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Good News Tuesday: Safety for Children and Animals, Ending Chronic Homelessness, London Air Quality, and Hidden Figures Recognized

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Seeking Balance One Tuesday at a Time


Sensor Detects Children and Animals Left in Vehicles

A small, inexpensive device, developed by researchers at the University of Waterloo, can detect unattended children or animals in a car. The device is 100% accurate and uses a combination of radar and artificial intelligence. It’s designed to be attached to the rear view mirror or mounted on the ceiling. I know we shouldn’t have to depend on sensor. We all need to be mindful of safety for those who depend on us to take care of them. But this sensor can help the ones who are vulnerable.

Here are the details:

Ending Chronic Homelessness

Three US cities have ended chronic homelessness and nine have ended chronic homelessness for veterans.

“By ending homelessness, we mean getting to a place where it’s rare, brief, and it gets solved correctly and quickly when it does happen.”

Rosanne Haggerty,  Community Solutions,


The following article explains a program, Built for Zero, a program that uses systemic data to track homeless community members in real time to identify and coordinate services.  The success appears to be related to focus, monitoring, and commitment.

You can click here for the details.

Central London Air Quality Has Improved with New Rules

the Ultra Low Emissions Zone was established in central London, toxic emissions have fallen by 36%.  The city created a toxicity charge for older vehicles that don’t meet standards in the zone.  A big motivator for creating the ULEZ was an increase in children suffering chronic illness and lung damage as a result of air pollution.

“I am determined to stop Londoners breathing air so filthy it is damaging our children’s lungs and causing thousands of premature deaths,” Khan says. “The ULEZ shows what we can achieve if we are brave enough to implement such ambitious policies.”     ___London Mayor Sadiq Khan

For more information, visit this article from NPR.


Women Who Inspired “Hidden Figures” to Get Congressional Gold Medals

In October, the US Congress passed the The Hidden Figures Congressional Gold Medal Act to award Gold Medals to Katherine Johnson and Dr. Christine Darden and posthumously  to Dorothy Vaughan and Mary Jackson.  The women are being nationally recognized for their significant contributions to NASA during the “Space Race” of the 1960s. The US Congressional Gold Medal is the highest civilian recognition in the United States.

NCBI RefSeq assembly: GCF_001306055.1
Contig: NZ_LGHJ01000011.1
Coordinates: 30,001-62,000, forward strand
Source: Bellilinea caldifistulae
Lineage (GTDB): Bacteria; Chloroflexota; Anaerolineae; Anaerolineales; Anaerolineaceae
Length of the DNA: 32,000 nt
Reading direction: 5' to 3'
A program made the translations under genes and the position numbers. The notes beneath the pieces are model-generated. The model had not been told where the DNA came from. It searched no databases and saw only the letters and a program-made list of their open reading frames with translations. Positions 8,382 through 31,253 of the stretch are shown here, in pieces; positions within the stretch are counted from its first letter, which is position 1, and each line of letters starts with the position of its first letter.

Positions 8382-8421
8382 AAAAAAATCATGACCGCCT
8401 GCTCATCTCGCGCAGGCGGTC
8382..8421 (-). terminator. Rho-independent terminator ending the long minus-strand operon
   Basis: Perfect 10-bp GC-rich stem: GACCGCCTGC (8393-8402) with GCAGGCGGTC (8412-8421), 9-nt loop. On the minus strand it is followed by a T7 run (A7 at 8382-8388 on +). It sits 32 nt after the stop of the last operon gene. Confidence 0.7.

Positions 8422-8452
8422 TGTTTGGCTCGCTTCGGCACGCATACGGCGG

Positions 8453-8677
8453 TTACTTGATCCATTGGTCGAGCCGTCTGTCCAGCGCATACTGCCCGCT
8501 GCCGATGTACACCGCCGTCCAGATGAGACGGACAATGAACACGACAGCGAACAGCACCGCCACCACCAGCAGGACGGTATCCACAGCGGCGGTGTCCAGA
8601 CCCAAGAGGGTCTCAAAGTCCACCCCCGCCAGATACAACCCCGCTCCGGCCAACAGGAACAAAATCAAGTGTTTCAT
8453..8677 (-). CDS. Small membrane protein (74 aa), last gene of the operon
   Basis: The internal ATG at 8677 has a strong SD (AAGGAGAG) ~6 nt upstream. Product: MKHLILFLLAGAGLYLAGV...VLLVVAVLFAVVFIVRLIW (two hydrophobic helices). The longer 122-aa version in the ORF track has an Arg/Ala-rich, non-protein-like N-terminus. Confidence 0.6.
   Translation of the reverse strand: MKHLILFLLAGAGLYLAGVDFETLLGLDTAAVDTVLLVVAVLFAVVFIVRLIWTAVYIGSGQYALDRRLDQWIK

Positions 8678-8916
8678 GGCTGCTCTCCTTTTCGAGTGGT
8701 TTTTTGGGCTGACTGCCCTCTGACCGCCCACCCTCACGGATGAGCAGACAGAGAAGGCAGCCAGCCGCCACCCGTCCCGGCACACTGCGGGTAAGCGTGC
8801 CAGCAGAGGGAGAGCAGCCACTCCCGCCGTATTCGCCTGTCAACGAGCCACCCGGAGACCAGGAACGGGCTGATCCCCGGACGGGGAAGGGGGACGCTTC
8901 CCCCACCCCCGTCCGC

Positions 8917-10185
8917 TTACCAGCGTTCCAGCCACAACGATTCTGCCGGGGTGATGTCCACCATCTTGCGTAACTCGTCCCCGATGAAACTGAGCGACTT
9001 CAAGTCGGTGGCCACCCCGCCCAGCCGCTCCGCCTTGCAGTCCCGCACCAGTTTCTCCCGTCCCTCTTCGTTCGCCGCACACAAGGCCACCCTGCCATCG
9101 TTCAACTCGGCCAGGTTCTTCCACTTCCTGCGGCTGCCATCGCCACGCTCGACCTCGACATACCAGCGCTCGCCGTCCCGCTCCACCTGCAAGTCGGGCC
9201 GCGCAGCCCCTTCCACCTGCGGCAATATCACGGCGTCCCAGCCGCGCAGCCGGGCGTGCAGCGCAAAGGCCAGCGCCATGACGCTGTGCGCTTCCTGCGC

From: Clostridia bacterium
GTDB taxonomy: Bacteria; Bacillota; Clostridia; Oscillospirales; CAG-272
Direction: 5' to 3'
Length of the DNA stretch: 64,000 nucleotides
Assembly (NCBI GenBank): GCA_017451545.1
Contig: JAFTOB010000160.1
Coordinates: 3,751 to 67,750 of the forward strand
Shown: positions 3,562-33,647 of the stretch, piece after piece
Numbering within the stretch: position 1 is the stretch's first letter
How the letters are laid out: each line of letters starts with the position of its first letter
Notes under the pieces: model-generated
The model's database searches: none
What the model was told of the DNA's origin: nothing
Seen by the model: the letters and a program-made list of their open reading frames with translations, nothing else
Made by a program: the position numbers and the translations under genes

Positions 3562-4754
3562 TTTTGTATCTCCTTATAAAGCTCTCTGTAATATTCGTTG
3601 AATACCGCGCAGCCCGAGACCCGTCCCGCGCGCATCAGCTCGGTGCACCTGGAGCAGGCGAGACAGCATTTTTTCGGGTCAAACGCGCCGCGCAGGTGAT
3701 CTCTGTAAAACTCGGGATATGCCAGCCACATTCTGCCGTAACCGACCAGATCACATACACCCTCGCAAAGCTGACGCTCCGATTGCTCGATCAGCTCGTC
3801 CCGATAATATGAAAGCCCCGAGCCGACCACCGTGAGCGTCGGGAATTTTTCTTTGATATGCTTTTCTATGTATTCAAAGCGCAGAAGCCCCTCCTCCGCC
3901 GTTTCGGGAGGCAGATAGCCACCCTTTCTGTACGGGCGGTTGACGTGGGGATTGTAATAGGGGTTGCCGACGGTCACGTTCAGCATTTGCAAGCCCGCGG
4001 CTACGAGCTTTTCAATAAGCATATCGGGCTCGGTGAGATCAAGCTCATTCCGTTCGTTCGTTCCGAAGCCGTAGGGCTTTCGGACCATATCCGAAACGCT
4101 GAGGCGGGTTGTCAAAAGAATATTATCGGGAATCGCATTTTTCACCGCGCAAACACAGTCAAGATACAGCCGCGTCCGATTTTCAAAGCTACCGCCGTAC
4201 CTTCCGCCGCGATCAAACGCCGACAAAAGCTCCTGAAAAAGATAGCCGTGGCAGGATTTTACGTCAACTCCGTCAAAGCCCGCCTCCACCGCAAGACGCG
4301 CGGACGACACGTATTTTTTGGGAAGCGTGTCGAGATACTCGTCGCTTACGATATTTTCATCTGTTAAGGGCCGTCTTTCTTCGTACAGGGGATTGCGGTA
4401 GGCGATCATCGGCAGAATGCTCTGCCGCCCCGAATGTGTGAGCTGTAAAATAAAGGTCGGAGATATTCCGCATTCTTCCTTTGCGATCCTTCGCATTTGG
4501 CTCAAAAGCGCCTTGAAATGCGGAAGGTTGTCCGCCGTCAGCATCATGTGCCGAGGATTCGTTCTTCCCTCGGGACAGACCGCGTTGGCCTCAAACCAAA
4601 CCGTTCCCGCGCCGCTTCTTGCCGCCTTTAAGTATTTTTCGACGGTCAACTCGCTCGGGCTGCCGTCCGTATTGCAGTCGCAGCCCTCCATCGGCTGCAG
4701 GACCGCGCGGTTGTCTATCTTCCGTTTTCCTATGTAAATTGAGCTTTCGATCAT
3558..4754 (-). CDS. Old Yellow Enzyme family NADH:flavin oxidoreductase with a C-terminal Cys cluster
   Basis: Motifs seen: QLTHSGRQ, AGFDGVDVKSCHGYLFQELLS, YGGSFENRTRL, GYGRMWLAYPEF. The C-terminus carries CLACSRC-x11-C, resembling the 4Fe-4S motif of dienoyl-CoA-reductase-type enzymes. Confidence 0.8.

You can  read more about these courageous pioneers in   this CNN article, 

and in this article from Black Voice News

Below are two great scenes from the movie, Hidden Figures, based on the book, Hidden Figures, The American Dream and the Untold Story of the Black Women Mathematicians Who Helped Win the Space Race, by Margot Lee Shetterly.  The women who were once hidden figures had to overcome both entrenched sexism and racial prejudice.

Got good news?

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Who Wants To Go To Mars?


A few days ago, I listened to a story on NPR about people seriously working on going to Mars.

The thought of going to Mars appeals to my sci fi side, that Star Trek generated notion of exploring and going boldly. But this NPR story feels closer to home and more like science fact.

One apparent fact is that the founder of Space X,  Elon Musk, “… developed spacecraft for one-tenth the cost and one-third the time that NASA and the aerospace major companies have done.”

One-tenth the cost and one-third the time! How’d he do that?

I wouldn’t be a bit surprised if it had something to do with NASA and those other companies being slowed down by bureaucracy. But I better not get started on that tangent. I might rant.

From a romantic, Trekker, point of view, I find the idea of going to Mars, fascinating.

But mars, as described here, is a cold, dusty planet, exposed to the hazards of radiation due to lack of a protective atmosphere. Yet “NASA is now planning for a manned mission to Mars, which is slated for the 2030s.”

All things considered, I must honor the  fact that I am deeply in love the planet Earth. I wonder if  we should be focusing our time and energy on making our home planet more livable and sustainable instead of gallivanting around the solar system.

Besides, I get motion sickness if I read more than one sentence while riding in the car. So I think I’ll pass for now. But who knows, maybe someday, I’ll change my mind.

Do you think we should go to Mars?

Or should we stay home and clean up our own planet?

Earth, The Blue Marble

“The Blue Marble”. Licensed under Public Domain via Wikimedia Commons –